Healthdirect Free Australian health advice you can count on.

Medical problem? Call 1800 022 222. If you need urgent medical help, call triple zero immediately

healthdirect Australia is a free service where you can talk to a nurse or doctor who can help you know what to do.

Essential screening tests for men

Essential screening tests for men
beginning of content

Essential screening tests for men

2-minute read

Screening tests or health checks aim to pick up health problems early in people who don't have any symptoms of disease. This page is about the types of screening tests men might need. Your doctor can advise you of the specific tests you should have and how often.

Importance of screening tests

Even if you feel healthy, you should see a doctor for regular checkups. Many conditions or diseases can develop slowly over a long period and may not cause any symptoms initially. Screening tests can pick up early signs of disease. For many diseases, early management is more effective than later treatment.

Here are the most common health issues for men and how to screen for them to keep on top of your health.

Heart health

One of the main screening tests for adults is for heart health. You should have a heart health check at least once every 2 years once you're over 45, or once you're over 35 if you're Aboriginal or Torres Strait Islander. This usually involves questions about your lifestyle and family, and a blood pressure check. You might also need a blood cholesterol test.

Diabetes

You might be advised to have a fasting blood sugar test for diabetes at every one to three years, depending on your level of risk.

Hearing and eyesight

Hearing loss and eyesight problems become common with age. If you are 65 or older, you should have yearly hearing tests and eye tests. If you are regularly exposed to loud noises at work, you should also get your hearing checked regularly.

Prostate cancer

No test is recommended for screening in men. Speak to your doctor if you are concerned about prostate cancer, for example, if you have symptoms or if you have a close relative who had prostate cancer. For more information, see the Cancer Council's website.

Bowel cancer

A faecal occult blood test (stool sample test) is recommended every two years if you are aged 50 or above. If you are at increased risk, you may be advised to have a colonoscopy instead.

Skin cancer

Check your moles for any changes every three months. See your doctor regularly for a full body skin check, especially if you work outdoors or have had skin cancer before.

Depression

Some men have depression that is not recognised by them or by those around them. If you feel down, irritable or angry and lose interest in things you usually enjoy, talk to your doctor. Visit beyondblue’s Man Therapy website for resources to help men with mental problems.

Teeth

You should see a dentist for a check-up once a year.

Sources:

MyDr (Health checks men should have), RACGP (Guidelines for preventive activities in general practice, 9th edition. Introduction.), RACGP (Guidelines for preventive activities in general practice, 8th edition. Type 2 diabetes), Cancer Council Australia (Prostate cancer detection), Beyondblue (Depression in men), Heart Foundation (Heart health check)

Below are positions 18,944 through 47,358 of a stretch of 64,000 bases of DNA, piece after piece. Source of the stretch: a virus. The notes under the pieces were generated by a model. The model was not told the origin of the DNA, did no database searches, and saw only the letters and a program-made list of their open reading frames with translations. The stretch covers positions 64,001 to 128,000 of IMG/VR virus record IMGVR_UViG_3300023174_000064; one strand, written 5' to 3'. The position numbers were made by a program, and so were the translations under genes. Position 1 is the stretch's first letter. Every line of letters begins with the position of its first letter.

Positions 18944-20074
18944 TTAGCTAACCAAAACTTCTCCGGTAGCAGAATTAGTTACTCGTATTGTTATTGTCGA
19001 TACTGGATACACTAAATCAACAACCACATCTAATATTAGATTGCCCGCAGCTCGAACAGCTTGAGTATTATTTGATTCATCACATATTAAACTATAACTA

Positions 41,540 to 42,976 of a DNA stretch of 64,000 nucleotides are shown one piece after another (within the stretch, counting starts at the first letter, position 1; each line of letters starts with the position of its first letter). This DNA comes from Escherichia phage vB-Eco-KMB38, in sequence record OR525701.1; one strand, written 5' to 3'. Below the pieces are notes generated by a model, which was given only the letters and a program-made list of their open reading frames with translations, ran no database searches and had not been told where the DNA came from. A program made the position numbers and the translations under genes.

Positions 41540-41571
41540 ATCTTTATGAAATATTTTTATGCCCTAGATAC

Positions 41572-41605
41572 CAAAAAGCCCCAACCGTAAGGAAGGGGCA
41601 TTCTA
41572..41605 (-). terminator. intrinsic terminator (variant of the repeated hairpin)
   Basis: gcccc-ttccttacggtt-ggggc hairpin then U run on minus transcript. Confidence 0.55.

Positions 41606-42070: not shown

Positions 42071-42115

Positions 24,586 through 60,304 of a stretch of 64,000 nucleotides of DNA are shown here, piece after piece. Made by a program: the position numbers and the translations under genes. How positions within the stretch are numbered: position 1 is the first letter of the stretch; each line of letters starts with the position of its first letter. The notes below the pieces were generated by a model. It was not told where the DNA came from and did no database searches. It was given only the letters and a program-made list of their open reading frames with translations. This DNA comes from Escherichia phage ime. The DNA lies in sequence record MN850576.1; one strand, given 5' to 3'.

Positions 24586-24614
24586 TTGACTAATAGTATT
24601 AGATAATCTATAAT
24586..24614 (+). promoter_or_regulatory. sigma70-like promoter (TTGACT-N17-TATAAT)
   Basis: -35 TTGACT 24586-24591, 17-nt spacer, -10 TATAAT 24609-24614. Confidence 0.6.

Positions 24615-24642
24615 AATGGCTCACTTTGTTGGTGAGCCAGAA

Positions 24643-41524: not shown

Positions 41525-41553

Last reviewed: July 2018

Need more information?

These trusted information partners have more on this topic.

Top results

Health checks men should have - myDr.com.au

Check out the screening tests and examinations that healthy men should have to monitor for diseases such as cancer and cardiovascular disease.

Read more on myDr website

PSA Testing (Prostate Specific Antigen Testing) | myVMC

Prostate specific antigen (PSA) is a protein that is produced by the cells of the prostate gland and enters the bloodstream. PSA testing is used to identify the early stages of prostate cancer. It is currently one of the few widely used tests for prostate cancer available. Read on for more information on testing for prostate cancer using PSA testing.

Read more on myVMC – Virtual Medical Centre website

PSA - Lab Tests Online AU

Overview of how PSA is used in detecting prostate cancer; when it is used; and what the results might mean.

Read more on Lab Tests Online website

Tumour markers - Lab Tests Online AU

Tumour markers are substances, usually , that are produced by the body in response to cancer growth or by the cancer tissue itself

Read more on Lab Tests Online website

Undescended Testes (Cryptorchidism) | myVMC

Cryptorchidism refers to undescended testes. Usually the testes descend from the abdomen to the scrotum before or in the first year after birth.

Read more on myVMC – Virtual Medical Centre website

Problems of the testes | Andrology Australia

Testes problems Important parts of the male reproductive system, the testes (testicles) are oval shaped glands responsible for producing sperm and most of the male hormone testosterone.

Read more on Andrology Australia website

Men's Health - InsideRadiology

InsideRadiology

Read more on InsideRadiology website

Semen analysis - Lab Tests Online AU

Why and when to have semen analysed

Read more on Lab Tests Online website

Testicular cancer - Lab Tests Online AU

Site map of article content

Read more on Lab Tests Online website

Prostate cancer - Lab Tests Online AU

Site map of article content

Read more on Lab Tests Online website

Healthdirect 24hr 7 days a week hotline

24 hour health advice you can count on

1800 022 222

Government Accredited with over 140 information partners

We are a government-funded service, providing quality, approved health information and advice

Australian Government, health department logo ACT Government logo New South Wales government, health department logo Northen Territory Government logo Government of South Australia, health department logo Tasmanian government logo Government of Western Australia, health department logo